From your experience /surroundings do you think a woman can balance her work-personal life without compromising her career and could you say that that is the same for men having the same job position?
Ι believe that the nature of tech jobs encourages good conditions for work/life balance. Concepts as remote working, flexible working hours, paternity/maternity leave (where applicable) , social events support a good lifestyle. Also, I want to believe that overworking in tech is commonly acknowledged to result in burden and inefficiency and should be avoided. For a young professional with no family, I would say that it is the same situation for a male colleague at a similar life stage.
From your knowledge by growing up and attending school in Cyprus do you feel that pursuing a career /studies in STEM was promoted equally for girls and boys ? if no, what do you think could be improved?
Growing up in Cyprus I personally feel that I had the right support to pursue studies in STEM. The education system fairly enabled boys and girls to study science modules, however that does not reflect the overall society stereotypes. Engineering positions are mostly dominated by men and social media promotes males on computer science related roles. I am a big believer that change comes through primary education. In our case we need to change the perception of the society at a professional level. Programs in business to promote the advancement of diverse environments and support minorities at the work environment would be a good start.
Do you believe that all women irrespective of their background (ethnic, social, sexual) are represented in the tech industry or do you witness a diversity gap?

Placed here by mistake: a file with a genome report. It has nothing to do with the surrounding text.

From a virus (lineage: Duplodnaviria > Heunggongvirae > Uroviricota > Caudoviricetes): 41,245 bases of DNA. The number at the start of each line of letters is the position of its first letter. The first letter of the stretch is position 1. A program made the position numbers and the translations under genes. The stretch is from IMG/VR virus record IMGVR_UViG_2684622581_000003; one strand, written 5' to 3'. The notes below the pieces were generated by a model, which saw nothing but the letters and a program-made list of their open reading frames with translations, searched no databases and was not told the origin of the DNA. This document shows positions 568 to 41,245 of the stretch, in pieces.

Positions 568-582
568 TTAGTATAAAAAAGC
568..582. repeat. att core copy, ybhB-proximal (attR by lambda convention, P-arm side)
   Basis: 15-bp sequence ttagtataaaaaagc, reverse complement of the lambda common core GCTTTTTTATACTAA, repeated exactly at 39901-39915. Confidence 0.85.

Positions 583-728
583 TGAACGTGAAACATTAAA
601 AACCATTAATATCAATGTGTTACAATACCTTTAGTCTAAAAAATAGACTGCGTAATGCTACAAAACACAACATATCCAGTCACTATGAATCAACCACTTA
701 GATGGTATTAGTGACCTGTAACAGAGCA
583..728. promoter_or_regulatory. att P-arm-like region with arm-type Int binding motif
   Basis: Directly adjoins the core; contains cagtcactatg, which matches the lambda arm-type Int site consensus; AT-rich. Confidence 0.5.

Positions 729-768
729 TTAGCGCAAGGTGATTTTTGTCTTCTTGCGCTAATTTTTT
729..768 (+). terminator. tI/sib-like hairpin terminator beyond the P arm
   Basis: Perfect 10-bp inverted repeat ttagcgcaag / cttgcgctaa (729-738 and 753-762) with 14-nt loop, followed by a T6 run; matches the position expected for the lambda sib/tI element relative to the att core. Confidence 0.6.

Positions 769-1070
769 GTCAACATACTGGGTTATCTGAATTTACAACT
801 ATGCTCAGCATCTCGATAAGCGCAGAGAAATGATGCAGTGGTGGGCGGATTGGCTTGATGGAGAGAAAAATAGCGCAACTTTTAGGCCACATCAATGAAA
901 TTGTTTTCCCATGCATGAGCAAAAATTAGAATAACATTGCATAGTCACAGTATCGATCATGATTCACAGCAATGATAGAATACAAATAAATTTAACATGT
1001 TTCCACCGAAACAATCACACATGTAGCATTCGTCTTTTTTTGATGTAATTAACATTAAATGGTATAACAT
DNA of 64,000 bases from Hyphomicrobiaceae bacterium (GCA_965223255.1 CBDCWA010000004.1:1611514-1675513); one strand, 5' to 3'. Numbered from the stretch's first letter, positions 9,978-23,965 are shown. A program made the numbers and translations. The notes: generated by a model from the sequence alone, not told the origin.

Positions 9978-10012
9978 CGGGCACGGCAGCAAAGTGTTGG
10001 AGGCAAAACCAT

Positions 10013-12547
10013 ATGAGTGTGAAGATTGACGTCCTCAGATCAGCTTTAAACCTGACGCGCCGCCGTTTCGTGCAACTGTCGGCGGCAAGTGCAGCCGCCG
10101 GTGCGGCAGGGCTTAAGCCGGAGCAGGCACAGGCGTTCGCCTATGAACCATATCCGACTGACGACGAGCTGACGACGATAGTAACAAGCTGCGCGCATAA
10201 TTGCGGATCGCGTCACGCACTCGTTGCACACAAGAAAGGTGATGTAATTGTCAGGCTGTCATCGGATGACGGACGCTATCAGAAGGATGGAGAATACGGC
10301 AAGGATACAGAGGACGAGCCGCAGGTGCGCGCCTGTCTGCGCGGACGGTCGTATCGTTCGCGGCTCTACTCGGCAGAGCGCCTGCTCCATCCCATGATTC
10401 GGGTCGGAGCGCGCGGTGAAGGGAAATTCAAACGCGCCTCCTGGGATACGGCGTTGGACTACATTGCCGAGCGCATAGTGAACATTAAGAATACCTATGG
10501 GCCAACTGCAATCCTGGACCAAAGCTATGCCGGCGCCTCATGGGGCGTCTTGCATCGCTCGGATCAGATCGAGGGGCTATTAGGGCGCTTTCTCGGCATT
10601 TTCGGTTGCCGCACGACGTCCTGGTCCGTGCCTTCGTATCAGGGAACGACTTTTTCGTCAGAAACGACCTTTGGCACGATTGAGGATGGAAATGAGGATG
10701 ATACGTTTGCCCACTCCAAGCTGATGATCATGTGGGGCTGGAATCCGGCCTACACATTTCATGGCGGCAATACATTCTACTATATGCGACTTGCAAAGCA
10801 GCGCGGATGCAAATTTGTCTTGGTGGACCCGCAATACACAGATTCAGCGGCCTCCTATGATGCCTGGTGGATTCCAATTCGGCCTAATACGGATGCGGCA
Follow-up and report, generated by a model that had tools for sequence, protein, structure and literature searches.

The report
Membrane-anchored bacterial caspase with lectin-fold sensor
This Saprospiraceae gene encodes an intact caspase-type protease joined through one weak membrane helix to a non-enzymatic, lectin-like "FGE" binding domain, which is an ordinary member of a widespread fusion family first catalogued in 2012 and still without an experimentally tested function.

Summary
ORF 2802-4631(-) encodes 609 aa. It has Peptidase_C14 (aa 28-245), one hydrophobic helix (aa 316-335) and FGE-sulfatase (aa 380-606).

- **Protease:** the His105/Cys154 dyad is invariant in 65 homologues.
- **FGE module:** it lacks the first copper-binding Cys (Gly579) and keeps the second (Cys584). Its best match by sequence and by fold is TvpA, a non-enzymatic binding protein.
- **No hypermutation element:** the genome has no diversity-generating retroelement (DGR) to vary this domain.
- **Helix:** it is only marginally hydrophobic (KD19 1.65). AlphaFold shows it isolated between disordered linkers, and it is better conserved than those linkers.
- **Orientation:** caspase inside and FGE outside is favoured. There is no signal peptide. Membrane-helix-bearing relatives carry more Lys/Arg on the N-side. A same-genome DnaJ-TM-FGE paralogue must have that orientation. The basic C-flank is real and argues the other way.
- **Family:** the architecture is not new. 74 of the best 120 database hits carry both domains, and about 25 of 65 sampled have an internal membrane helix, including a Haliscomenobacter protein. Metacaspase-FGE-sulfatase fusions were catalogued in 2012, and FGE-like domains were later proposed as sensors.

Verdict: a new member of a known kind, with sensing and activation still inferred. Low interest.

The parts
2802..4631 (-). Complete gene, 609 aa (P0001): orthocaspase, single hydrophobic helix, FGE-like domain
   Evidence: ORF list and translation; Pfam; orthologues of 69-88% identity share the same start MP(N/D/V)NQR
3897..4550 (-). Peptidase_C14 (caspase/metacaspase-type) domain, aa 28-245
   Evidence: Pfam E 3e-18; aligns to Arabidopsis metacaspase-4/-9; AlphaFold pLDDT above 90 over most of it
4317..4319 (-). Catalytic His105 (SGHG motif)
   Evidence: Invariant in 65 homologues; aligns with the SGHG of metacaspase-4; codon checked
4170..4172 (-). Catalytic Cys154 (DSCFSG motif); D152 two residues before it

Technology leaders recognise the importance of developing inclusive cultures at their core. Unfortunately, racial minorities still rank as a low percentage of employees. The extreme geographic concentrations of tech companies in Europe and the US, limit industries’ ability to connect with, recruit and retain talent from a wider pool. Focusing on startups, from their early stages of operation there is space to implement clear diversity representation, equality and inclusion (DEI) goals, and a comprehensive approach to achieve those. Moreover, it is important to invest in talent search across different countries and educational backgrounds. Last but not least, retaining employees in healthy and supportive work environments with access to well-being, coaching, employees groups, and other programs is a way forward. There is opportunity for diversity in tech and policy and we must all make a commitment to getting there.
What advice would you give to a woman considering technology as her career?
I would encourage any woman to seek a career in the technology sector. It is a thrilling space with a major impact on the real world. Don’t be afraid to step into a world that is still gendered imbalanced with all the aforementioned obstacles. Focus on learning and personal cultivation. You do not need to prove your worth to anyone but only improve and move forward for yourself. While doing that, definitely stand up/ speak up for others when you observe that certain behaviors shouldn’t be accepted.